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5 Easy Ways to Be Kinda Not Bad at Graphic Design for Marketing

graphic design and multimedia

Who better to do a newbie’s guide to graphic design for marketing than a graphic design newbie? I’m a words dude. Always have been.

But it’s foolish in this digital age to have a narrow skillset. No one makes a middle-class living anymore simply by knowing how to use a typewriter. You’re limiting career potential if you’re not educating yourself toward becoming a Jack-of-all-Trades. Or if you’re building an inbound marketing strategy for your business, failing to use all the tools at your fingertips will limit your campaign’s effectiveness.

Oodles of online resources exist to usher you through pretty much anything. That’s the great thing about living in this century. You could be pathetically clueless and inexperienced. But you can become decent at stuff after:

  • Perusing a few blogs and ebooks
  • Watching a handful of video tutorials

When you think of multimedia, the obvious elements come to mind:

  • Graphic design
  • Audio/visual editing
  • Animation
  • Etc.

Being an expert at none of those, I’ll spare you (and myself) fumbling through a bumbling explanation. Rather, I’ll lead you to inspiration. A lot of the graphical appeal you see in the digital realm may look complicated. No worries, much of it is easier than you think.

5 Basic Ways to Increase Traffic

The Newbie’s Guide to Not Sucking at Graphic Design for Marketing

1. Learn a Few Photo Editing Tricks

No one’s telling you to become certified in the Adobe Creative Suite. But a few tricks up your sleeve could go a long way. Even learning how to resize a photo helps.

Is Photoshop on the pricey end for you? No worries. GIMP (the GNU Image Manipulation Program) is free to download. You'll have the tools for high-quality image altering and creation.

No matter your platform, familiarize yourself with some simple options:

  • Tones
  • Contrast
  • Colors
  • Saturations
  • Gradients
  • Brushing
  • Shading
  • And more

Here are just a few of the thousands of video tutorials out there: 

(Courtesy MisterNinjaBoy)

 (Courtesy Spoon Graphics)

(Courtesy Photoshop Tutorials)

2. Master the Snipping Tool

“Master” sounds scary, but this is really simple. Your device’s snipping tool allows you to grab a screenshot of any size and save the image.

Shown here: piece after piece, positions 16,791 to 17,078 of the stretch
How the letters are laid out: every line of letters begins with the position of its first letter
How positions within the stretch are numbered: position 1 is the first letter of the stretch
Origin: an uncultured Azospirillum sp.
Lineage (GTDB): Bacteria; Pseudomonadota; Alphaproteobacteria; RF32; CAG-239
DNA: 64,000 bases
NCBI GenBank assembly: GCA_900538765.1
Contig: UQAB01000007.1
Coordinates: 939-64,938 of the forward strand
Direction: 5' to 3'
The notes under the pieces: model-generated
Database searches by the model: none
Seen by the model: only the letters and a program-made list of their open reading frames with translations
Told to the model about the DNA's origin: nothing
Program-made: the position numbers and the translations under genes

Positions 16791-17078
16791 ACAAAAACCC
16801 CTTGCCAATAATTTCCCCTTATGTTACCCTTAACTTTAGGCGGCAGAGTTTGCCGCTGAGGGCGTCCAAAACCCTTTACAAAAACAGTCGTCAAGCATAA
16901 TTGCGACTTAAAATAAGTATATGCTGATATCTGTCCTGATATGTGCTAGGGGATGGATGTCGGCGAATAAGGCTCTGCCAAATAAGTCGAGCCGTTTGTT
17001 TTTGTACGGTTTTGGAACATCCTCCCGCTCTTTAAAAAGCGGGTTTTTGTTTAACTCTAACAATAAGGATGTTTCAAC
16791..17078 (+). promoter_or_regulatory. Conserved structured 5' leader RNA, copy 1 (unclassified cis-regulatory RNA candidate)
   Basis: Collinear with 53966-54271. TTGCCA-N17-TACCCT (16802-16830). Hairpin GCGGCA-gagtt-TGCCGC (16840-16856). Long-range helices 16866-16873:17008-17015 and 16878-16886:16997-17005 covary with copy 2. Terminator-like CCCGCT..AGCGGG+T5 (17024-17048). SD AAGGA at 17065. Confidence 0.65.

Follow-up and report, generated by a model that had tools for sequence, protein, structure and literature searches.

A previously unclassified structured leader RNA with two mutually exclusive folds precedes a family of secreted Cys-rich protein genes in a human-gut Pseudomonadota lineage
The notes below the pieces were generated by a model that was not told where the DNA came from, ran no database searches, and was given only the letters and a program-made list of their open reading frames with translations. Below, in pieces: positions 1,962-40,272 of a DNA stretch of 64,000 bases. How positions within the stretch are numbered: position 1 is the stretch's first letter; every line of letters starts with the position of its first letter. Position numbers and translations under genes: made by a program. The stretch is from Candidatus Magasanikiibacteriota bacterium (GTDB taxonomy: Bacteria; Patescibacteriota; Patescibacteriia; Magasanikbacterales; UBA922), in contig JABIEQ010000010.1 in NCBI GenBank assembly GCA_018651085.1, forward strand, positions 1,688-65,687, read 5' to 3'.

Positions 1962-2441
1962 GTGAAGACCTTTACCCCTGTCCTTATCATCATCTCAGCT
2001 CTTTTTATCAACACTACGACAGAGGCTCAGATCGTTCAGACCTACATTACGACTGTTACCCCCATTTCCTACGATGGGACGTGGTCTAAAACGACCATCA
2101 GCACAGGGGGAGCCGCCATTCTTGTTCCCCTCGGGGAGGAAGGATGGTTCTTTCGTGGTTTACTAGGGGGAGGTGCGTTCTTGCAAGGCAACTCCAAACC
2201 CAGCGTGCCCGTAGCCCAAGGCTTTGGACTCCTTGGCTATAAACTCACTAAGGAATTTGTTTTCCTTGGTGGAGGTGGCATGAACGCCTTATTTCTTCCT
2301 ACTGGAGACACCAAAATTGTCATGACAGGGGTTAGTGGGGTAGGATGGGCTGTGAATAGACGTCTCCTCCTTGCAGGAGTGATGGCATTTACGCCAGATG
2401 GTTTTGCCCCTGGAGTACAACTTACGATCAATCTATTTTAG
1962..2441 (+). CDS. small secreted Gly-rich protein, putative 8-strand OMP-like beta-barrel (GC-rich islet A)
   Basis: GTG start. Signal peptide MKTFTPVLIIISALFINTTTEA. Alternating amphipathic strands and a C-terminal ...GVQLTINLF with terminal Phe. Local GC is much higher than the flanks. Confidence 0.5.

Here's how to do it in Windows:

snipping on Windows.png

Here's how you do it on a Mac:

snipping on Mac.png

Suppose you need to sample a small section from a picture or from a data spreadsheet for your blog:

  • Snip it
  • Insert it
  • Publish it

This picture:

graphic design and multimedia

Was snipped from this:

graphic design and multimedia

In 3 seconds, you can have a perfectly duplicated graphical element. Yay! Holy crap!

3. Find Your Inspiration

Look around you. You’re living in a world of design. Before writing this, I read “Snuggle Up, Sleepy Ones” to my 2-year-old daughter. We both love its pictures:

graphic design and multimedia

Take a good look at:

  • TV commercials
  • Magazines and tabloids in the grocery store checkout aisle
  • Billboards along the highway

They catch eyes for a reason. The graphic elements of social media ads and news media publications are also designed to catch eyes. Save the graphics that catch your eye.

Dribbble and Behance are great inspirational sources. Pin awesome graphics you see on Pinterest and other social sharing sites.

4. Analyze What You’ve Saved

Once you’ve stockpiled a good collection of creative genius, analyze what makes them great. Like this ad for Powers Whiskey:

Powers Whiskey graphic design and multimedia

I really like the dark-light contrast and the natural scenery infused into the highball glasses.

Or this one from Nike:

Nike graphic design and multimedia

Right here, the king of branding expertly crafts its Nike Liquid shoe into an artistic expression of the name.

5. Practice By Duplication

Take what you see and the lessons you’ve learned and practice, practice, practice. Look at a great graphic and break down what it likely took to make it.

Try it yourself. Did it work? If not, return to the drawing board. Or you may have just stumbled upon a terrific graphic method you didn’t think possible.

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